The online learning framework captures a wide variety of learning problems. The setting is as follows – in each round, we have to choose a point from some fixed convex domain. Then, we are presented a convex loss function, according to which we incur a loss. The loss over T rounds is simply the sum of all the losses. The aim of most online learning algorithm is to minimize *regret* : the difference of the algorithm’s loss and the loss of the best fixed decision in hindsight. Unfortunately, in situations where the loss function may vary a lot, the regret is not a good measure of performance. We define *adaptive regret*, a notion that is a much better measure of how well our algorithm is adapting to the changing loss functions. We provide a procedure that converts any standard low-regret algorithm to one that provides low adaptive regret. We use an interesting mix of techniques, and use streaming ideas to make our algorithm efficient. This technique can be applied in many scenarios, such as portfolio management, online shortest paths, and the tree update problem, to name a few.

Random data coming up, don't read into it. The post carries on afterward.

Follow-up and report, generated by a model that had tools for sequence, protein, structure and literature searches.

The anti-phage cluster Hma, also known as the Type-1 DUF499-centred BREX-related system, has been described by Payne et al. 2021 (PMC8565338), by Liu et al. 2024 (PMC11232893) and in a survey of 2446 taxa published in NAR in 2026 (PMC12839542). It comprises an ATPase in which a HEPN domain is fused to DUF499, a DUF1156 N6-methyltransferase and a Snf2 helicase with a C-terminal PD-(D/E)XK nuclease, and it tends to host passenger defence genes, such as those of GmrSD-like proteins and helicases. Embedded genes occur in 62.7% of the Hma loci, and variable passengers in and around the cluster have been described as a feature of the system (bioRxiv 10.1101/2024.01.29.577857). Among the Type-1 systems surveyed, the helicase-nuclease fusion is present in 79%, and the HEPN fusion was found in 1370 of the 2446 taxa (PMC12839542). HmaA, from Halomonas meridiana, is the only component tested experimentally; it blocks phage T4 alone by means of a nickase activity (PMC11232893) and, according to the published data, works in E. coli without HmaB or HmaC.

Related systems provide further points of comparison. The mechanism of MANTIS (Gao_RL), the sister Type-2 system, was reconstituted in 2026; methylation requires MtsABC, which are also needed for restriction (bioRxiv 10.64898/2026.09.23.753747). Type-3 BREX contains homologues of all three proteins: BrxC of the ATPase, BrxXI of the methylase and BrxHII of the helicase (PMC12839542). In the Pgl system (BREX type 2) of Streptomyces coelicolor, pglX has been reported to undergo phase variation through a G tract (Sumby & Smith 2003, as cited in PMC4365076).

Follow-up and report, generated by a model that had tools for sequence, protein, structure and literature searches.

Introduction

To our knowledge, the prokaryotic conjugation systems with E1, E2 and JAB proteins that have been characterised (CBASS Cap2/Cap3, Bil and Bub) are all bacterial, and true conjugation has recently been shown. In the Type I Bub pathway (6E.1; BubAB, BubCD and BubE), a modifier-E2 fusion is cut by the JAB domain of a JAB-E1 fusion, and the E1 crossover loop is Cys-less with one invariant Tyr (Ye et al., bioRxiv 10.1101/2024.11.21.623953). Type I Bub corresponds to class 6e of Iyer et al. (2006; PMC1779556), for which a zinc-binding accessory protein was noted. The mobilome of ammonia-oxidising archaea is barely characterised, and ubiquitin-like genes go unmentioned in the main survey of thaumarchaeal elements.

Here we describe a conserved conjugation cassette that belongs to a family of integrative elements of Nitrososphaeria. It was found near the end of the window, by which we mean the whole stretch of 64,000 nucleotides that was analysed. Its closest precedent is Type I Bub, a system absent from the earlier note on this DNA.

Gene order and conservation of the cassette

Pretty interesting tech talk, I found the notion of minimising regret quite interesting, but only really because I have heard of this before, but never experienced a real world implementation of this. I first heard of the significance of regret in learning from Alan who captured this vividly in an essay he wrote called The Adaptive Significance of Regret which he wrote back in 2005. In fact he even showed me some PHP code he wrote that modelled regret, which at the time I remember finding somewhat amusing … but right now it it feels far more significant.